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About my Entry
This flash fiction piece is different from any other I’ve done. Nothing immediately sprang to mind for the prompt “Café Terrace”, so I decided to read up on Van Gogh’s painting Café Terrace at Night to see if that might spark something.
In a letter to his sister, Van Gogh described it as “a painting of night without black.” That idea intrigued me, as did the comparison some have drawn between the painting and The Last Supper.
I then discovered that the painting and the café it is based on were both featured in the 1956 film Lust for Life starring Kirk Douglas, who had passed away only a couple of days before I started researching. Falling down a Wikipedia rabbit hole, I was amazed to learn that Douglas had appeared in more than 90 films!
Van Gogh’s artistic career was similarly prolific; he produced more than 2,000 pieces of art in his short lifetime, including about 900 paintings and 1,100 drawings and sketches.
I suddenly had a random idea: I would challenge myself to write a flash fiction containing as many references to Van Gogh paintings and Kirk Douglas films as possible.
The final piece contains the titles of 27 Kirk Douglas films (in purple) and 31 Van Gogh paintings (in red).
Thank you to Daniele Longhi for his advice about French wine.
Word count: 551
Trigger warnings: Terminal illness, implications of suicide.
Critique preference: FCA
Portrait of a Man
The brief glance in the bathroom mirror was a mistake; a portrait of a man at eternity’s gate. I return to the waiting room, devoid of colour except for some wilting flowers in a blue vase and a faded Van Gogh print. It reminds me of the café on the outskirts of Paris where I let her go. Strangers when we met and when we parted. I told myself it was an act of love. I didn’t expect the sorrow, the fury. How the orange landscape at sunset flickered in her glassy eyes. Is Paris burning?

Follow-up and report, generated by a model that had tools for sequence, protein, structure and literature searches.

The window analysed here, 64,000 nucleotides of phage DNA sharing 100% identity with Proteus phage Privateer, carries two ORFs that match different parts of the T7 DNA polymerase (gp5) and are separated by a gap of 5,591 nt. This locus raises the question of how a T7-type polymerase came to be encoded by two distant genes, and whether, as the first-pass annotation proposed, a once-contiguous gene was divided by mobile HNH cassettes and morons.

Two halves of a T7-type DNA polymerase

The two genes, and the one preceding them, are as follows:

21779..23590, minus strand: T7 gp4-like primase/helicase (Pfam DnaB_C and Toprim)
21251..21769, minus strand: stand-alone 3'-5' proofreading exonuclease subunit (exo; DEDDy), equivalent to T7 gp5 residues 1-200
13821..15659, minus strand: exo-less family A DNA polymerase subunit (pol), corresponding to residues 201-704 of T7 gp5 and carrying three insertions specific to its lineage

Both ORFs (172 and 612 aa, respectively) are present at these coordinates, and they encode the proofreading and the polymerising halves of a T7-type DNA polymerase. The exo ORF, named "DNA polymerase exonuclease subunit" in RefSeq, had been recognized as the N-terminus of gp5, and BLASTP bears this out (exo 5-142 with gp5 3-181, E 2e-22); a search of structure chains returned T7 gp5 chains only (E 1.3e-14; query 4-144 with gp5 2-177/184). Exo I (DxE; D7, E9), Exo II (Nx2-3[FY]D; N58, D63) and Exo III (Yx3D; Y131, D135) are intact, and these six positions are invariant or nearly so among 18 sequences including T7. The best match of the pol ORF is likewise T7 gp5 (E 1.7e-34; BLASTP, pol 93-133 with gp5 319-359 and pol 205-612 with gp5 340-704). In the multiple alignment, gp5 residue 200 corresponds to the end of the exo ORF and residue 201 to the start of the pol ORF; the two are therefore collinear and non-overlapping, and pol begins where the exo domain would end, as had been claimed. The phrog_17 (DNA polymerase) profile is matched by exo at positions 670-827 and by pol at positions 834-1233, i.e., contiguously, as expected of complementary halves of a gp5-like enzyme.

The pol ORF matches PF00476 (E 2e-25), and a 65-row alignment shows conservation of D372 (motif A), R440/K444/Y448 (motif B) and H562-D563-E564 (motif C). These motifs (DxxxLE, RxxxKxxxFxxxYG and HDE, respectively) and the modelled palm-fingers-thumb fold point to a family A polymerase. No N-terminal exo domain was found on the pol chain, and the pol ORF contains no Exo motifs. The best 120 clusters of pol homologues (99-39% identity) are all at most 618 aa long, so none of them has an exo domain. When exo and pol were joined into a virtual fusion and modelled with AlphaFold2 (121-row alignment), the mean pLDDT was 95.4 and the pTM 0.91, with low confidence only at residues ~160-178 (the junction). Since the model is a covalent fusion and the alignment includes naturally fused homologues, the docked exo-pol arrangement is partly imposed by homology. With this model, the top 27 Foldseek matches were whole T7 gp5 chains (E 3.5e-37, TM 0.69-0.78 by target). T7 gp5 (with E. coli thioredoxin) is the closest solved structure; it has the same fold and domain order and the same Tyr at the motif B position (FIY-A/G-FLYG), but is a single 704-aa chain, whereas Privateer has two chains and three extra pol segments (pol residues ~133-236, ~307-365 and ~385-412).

Phantoms loom out of the past, swirling in blue and gold. Mine is the story of three loves, for once is not enough. We have to put ourselves in harm’s way again and again, don’t we? Lonely are the brave who dare to love. I loved like a tortured artist, with the same strange compulsion that told Van Gogh “Draw!”
Life isn’t all poppies and butterflies. Van Gogh understood that better than most. He painted the bad and the beautiful. The stormy night, a wind-beaten tree, a vase with dead leaves. And yet also…a field of yellow flowers, an orchard in bloom, and all those bloody sunflowers. Despair cast a giant shadow, but he still saw the light at the edge of the world.
“Mr Roberts? Sorry to keep you waiting.”
The final countdown. I know exactly how it ends. It runs in the family. The care at St.Andrew’s is state of the art I’m sure, but that means two weeks in another town. A crab on its back in a town without pity.
I walk alone, wincing through the pain until I reach a café terrace, not a bit like Van Gogh’s. I settle on a decadent Chapoutier La Mordorée to take away the bitter taste of my meds. The rich and seductive raspberry, cherry and tobacco flavours conjure up the view of the roofs of Paris and a certain starry night over the Rhone.
The paper only offers more bad news. Kirk Douglas, one of the Hollywood greats, is gone. The first picture of his I saw was that Van Gogh biography, Lust for Life. Says here he was 37 when he played that part, the last age the painter ever saw. Two cut sunflowers. There’s a magic in those little coincidences, isn’t there? Almost like the universe is trying to tell you something.
A taxi returns me to the village at sunset. I thrust a wallet full of notes at the bemused driver, then begin my unsteady trek across the marshy landscape, along the great divide. I stumble through a ploughed field until I spot a girl in white, the half-figure of an angel waiting on the edge of a wood. I follow the girl in the wood through the undergrowth to my sanctuary, the poet’s garden. There I rest on her memorial bench in remembrance of love and pen a letter to three wives.
I’m honoured with the perfect view of the last sunset, leading the way west. I relive those glorious seven days in May behind closed eyes, lying under trees in a field on a sunny day and walking, our two hands clasped on the banks of the Seine. It really is a lovely way to die.
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Over to you…
This piece was experimental so I’d be interested to know your thoughts on whether it works or not and how you think it could be improved. Please let me know in the comments.